The WireX botnet presented defenders with many superlatives: the largest mobile botnet ever; hundreds of mobile apps spreading application-layer DDoS malware; unprecedented cooperation between technology companies—even competitors—to halt some of its activities.
And now a companion piece to WireX has emerged that retreats right back to traditional DDoS activity, concentrating on UDP flood attacks through Android devices.
Researchers at F5 Labs said the bot sample they’ve analyzed creates 50 simultaneous threads, each capable of sending 10 million UDP packets, each packet weighing in at 512 bytes. The severity of these attacks depends on the infected device hardware, according to F5 security research manager Maxim Zavodchik.
“The hardcoded 10M packets per each thread doesn’t say how many packets per second can be sent,” Zavodchik said.
F5 said this variant shares the same command and control server domain and some identical code to the WireX malware disclosed last week. The first public version of WireX was spread through hundreds of mobile apps—300 of which have been removed from Google Play—that were sending an overwhelming number of requests over HTTPS to websites in an attempt to crash those webservers.
“Currently it seems that the attackers are in a ‘testing’ phase, trying to infect as many devices as they can,” Zavodchik said. “It seems like there are many different variants in the wild. [The] same C&C server serves different variants and there is currently no ‘version upgrade’ functionality in the malware. All versions are participating in the same attack.”
F5 published a report Tuesday that explained how the UDP flood bot browses a command and control URL (u[.]axclick[.]store) to receive a response with the target domain and port details. They also saw a feature served by the C&C URL that causes the malware to open the default Android browser 10 times to browse the target URL. This is similar behavior to click-fraud malware; last week’s report on WireX said the malware shared characteristics with the Android Clicker click-fraud malware. Researchers from a coalition of companies that disclosed the WireX operation last week said the attackers behind this malware likely moved toward DDoS attacks in the recent past.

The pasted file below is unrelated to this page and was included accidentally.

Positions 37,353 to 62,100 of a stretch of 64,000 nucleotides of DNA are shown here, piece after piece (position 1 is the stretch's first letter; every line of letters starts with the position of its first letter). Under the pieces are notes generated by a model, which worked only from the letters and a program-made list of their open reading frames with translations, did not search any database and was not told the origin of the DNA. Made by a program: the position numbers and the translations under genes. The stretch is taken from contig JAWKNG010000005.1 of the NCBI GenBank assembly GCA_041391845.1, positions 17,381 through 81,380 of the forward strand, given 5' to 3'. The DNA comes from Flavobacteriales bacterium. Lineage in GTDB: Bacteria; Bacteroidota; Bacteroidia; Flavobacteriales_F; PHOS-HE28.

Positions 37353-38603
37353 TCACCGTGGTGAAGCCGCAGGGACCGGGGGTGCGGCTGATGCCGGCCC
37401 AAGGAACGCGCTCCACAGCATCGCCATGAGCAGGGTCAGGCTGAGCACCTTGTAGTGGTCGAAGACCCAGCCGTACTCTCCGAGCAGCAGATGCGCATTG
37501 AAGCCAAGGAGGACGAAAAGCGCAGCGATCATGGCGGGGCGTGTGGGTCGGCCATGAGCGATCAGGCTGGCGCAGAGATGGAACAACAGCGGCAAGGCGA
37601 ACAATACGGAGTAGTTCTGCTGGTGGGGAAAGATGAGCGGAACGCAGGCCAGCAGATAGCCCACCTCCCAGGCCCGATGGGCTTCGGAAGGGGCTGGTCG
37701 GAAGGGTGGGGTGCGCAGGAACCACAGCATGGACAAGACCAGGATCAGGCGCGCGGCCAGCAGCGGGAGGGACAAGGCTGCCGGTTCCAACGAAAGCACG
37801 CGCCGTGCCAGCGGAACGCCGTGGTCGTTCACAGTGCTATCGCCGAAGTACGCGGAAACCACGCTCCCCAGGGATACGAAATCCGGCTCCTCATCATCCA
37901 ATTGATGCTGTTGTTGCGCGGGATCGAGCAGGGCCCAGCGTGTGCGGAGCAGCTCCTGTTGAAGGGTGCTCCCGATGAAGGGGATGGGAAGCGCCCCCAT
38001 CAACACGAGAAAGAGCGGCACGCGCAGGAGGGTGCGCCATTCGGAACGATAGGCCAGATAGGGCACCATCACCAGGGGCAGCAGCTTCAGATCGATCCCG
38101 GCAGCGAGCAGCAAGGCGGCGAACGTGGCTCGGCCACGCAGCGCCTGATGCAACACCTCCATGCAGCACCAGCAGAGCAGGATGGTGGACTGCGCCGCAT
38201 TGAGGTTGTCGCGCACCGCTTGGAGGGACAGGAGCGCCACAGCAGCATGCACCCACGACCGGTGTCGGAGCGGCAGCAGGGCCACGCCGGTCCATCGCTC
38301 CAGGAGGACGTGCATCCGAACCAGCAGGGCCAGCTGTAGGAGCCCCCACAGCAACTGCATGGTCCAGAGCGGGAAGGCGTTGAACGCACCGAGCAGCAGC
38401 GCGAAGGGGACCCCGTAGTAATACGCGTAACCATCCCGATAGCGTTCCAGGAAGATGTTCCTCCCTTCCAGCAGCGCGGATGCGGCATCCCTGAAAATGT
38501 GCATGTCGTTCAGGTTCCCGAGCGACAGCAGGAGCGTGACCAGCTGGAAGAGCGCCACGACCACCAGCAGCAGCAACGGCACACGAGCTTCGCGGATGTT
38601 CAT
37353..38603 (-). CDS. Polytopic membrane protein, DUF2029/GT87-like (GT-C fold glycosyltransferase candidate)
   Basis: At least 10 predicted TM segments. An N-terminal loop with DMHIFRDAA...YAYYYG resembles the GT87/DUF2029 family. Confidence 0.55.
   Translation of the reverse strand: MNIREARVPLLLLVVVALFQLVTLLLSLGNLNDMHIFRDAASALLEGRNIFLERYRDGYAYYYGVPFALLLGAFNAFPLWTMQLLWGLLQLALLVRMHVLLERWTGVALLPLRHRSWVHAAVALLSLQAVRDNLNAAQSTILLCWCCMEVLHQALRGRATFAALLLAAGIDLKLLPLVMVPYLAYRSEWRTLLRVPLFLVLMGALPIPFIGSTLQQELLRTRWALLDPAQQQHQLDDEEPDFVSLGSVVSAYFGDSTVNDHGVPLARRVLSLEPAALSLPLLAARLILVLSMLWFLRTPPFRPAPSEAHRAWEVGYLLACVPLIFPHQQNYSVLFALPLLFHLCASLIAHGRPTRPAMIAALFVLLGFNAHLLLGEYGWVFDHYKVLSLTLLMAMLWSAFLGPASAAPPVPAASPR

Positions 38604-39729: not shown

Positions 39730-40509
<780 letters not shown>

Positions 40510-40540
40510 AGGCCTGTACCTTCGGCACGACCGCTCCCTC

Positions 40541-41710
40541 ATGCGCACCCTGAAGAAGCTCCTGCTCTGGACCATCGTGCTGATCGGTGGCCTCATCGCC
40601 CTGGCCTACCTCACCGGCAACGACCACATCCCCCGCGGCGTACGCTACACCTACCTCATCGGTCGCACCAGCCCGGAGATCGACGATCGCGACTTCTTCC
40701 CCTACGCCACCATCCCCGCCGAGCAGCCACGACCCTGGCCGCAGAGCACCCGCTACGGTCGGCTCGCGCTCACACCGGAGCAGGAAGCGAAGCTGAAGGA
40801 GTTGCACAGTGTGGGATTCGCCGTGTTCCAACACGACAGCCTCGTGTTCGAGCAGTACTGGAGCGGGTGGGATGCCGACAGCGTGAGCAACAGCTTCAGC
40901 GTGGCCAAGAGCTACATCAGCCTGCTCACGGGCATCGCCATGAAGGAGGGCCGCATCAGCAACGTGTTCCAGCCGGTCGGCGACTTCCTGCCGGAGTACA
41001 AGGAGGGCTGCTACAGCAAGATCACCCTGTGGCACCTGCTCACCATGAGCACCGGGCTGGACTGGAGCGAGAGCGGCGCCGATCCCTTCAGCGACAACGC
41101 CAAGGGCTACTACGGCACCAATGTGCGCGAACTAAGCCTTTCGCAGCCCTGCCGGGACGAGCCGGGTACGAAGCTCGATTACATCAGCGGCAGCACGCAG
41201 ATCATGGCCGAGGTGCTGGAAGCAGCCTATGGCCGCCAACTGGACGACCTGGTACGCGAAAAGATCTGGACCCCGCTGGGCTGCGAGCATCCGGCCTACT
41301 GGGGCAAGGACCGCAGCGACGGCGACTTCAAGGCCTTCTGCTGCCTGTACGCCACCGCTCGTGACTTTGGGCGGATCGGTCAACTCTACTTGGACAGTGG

F5 backed up its claims this malware isn’t up to par or maturity with other DDoS malware.
“The attack execution routine is a bit different from most DDOS malware families. To maintain a continuous flood of packets and better orchestration, usually there are two concurrent executions—one to poll the C&C server for commands and another to execute the packet-sending loop, which executes until it is instructed to stop. Some malware get an attack duration from the C&C server as an attack parameter. The WireX malware doesn’t seem to support this. The attack loops seem to have a constant number of requests/packets sent, and the attack might not stop until it polls the C&C again. In the malware variants we have analyzed, the C&C server is polled in 60 second intervals (and on application launch and network connectivity change events). During a single GET flood loop, it sends 100 requests.”
Zavodchik said UDP flood attacks are easier and faster to pull off because they don’t require a TCP handshake the way HTTP flood attacks do.
“It also allows source IP address spoofing, though this malware doesn’t support it,” he said.
WireX made news last week when a number of tech companies including Google, Oracle, Cloudflare, Akamai and others said this was the largest mobile botnet ever seen. WireX was targeting primarily businesses in the hospitality, pornography and gambling industries with some attacks leaving behind a ransom note demanding an unnamed payment.
Google removed the offending apps from its marketplace and was in the process last week of removing the apps from Android devices through its Play Protect service. Law enforcement had been informed of the activity, including the domains serving malware and commands, but as of last week those sites were still up and running.
Some data shared by the collaborating companies indicates that at a minimum, 70,000 devices from more than 100 countries are infected. Akamai reportedly saw spikes of 120,000 unique IPs involved. The fluctuation in numbers could be due to the fact that as mobile devices move from one cell tower to the next, new IPs are generated each time.